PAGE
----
Lee Kuan Yew, Singapore’s first prime minister, was discharged after being hospitalized two days ago for a condition linked to a prolonged irregular heartbeat.
Lee, 89, was sent to the Singapore General Hospital after the suspected transient ischemic attack, a condition with stroke-like symptoms that clear within a day, according to a statement from the Prime Minister’s Office.
“The doctors are following up with him to optimize his anti-coagulation therapy, in order to minimize the risk of further transient ischemic attacks,” the PMO said in a statement today.
Under Lee’s 31 years as Singapore’s first elected prime minister, the nation was transformed from a colonial backwater into Southeast Asia’s only advanced economy. He stepped down in 1990, handing power to Goh Chok Tong. Lee’s eldest son, Lee Hsien Loong, took over from Goh as the third premier in 2004.
The elder Lee stayed on in the cabinet under Goh and his son, and resigned in May 2011 after his ruling party won the general election with the smallest margin of popular vote since independence in 1965.
When Lee was 86, he was diagnosed with sensory peripheral neuropathy which impaired feeling in his legs, his daughter Lee Wei Ling, a senior consultant at the National Neuroscience Institute in Singapore, wrote in a column in the Sunday Times in November 2011. He also had a heart pacemaker implanted in 2008 after suffering from an irregular heartbeat.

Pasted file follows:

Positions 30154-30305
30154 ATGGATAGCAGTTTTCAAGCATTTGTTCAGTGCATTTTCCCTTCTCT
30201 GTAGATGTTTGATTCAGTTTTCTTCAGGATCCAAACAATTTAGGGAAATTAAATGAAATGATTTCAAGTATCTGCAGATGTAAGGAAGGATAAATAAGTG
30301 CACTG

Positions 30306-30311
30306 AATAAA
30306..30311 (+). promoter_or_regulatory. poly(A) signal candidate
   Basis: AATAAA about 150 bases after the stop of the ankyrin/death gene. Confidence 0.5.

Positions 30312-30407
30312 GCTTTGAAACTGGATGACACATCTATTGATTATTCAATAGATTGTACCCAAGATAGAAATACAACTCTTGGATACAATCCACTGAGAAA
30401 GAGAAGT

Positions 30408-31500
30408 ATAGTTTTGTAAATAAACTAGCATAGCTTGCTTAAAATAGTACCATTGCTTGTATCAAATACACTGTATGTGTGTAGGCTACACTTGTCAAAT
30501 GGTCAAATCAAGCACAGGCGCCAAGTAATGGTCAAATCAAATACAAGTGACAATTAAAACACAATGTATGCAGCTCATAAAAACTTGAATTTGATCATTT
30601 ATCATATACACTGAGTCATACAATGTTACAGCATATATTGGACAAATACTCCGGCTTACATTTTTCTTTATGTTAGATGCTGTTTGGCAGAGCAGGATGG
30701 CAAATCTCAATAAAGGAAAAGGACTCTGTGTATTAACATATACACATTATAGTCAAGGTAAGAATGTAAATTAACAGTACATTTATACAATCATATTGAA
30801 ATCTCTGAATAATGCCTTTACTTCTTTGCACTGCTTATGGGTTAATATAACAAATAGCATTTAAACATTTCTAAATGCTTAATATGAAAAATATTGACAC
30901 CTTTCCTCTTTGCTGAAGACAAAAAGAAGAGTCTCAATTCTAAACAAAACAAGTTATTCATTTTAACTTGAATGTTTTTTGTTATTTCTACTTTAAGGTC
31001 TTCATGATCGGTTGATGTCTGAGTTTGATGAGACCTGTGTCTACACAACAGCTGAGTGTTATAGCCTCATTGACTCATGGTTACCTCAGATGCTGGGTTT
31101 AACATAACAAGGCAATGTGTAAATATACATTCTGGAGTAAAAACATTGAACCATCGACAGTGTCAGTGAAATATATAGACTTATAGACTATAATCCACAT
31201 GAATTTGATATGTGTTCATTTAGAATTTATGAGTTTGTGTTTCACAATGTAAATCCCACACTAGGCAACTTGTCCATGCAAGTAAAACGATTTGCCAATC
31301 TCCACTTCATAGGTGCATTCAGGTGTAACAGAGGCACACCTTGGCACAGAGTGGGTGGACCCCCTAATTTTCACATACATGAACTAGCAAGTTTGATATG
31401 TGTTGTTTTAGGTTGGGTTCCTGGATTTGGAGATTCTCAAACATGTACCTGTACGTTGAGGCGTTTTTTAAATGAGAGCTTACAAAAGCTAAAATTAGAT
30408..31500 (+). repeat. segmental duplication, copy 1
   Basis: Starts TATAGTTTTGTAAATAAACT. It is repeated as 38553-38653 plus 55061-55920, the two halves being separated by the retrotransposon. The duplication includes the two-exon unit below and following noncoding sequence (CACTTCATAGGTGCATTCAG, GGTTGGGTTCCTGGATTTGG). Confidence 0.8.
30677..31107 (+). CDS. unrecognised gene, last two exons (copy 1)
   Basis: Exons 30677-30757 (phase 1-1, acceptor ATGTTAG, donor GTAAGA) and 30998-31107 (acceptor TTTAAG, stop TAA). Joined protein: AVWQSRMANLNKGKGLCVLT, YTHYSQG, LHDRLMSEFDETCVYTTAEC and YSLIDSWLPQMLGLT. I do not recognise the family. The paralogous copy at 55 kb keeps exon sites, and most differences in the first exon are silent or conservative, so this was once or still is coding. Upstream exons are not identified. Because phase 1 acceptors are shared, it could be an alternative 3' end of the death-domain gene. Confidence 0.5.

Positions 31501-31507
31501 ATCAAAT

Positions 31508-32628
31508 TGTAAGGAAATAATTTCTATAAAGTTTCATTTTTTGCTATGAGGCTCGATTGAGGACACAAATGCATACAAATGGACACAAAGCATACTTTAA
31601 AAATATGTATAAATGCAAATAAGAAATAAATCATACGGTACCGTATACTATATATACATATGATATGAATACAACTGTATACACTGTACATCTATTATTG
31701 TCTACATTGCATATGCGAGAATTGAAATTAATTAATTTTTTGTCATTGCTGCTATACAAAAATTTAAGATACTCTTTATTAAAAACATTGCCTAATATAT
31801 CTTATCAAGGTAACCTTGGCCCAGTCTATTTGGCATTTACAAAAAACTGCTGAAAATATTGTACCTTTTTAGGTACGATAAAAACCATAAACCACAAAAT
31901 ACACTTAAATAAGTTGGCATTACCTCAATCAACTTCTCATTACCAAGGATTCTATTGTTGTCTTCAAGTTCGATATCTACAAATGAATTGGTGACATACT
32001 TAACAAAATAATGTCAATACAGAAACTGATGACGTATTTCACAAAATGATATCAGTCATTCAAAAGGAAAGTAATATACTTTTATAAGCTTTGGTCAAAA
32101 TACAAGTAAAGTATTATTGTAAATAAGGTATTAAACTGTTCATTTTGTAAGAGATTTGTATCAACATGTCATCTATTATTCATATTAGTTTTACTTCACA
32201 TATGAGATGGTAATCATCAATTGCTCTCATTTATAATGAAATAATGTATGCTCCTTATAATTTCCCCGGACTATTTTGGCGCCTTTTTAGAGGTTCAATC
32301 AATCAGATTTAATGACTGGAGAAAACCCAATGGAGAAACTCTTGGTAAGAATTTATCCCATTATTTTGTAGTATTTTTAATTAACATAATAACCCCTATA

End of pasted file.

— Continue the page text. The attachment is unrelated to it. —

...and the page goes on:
The island republic is the only country in Asia with triple-A ratings from Moody’s Investors Service, Standard & Poor’s and Fitch Ratings.
Thousands of Singaporeans demonstrated yesterday against a government plan to increase the island’s population through immigration, saying the policy will erode the national identity and threaten their livelihoods.
Protesters gathered at Speakers’ Corner at Hong Lim Park at the edge of the city’s financial district on a rainy afternoon, many dressed in black and carrying signs opposing the plan. Lawmakers from Prime Minister Lee’s ruling party last week endorsed a white paper that outlined proposals including allowing more foreigners through 2030 to boost the workforce.
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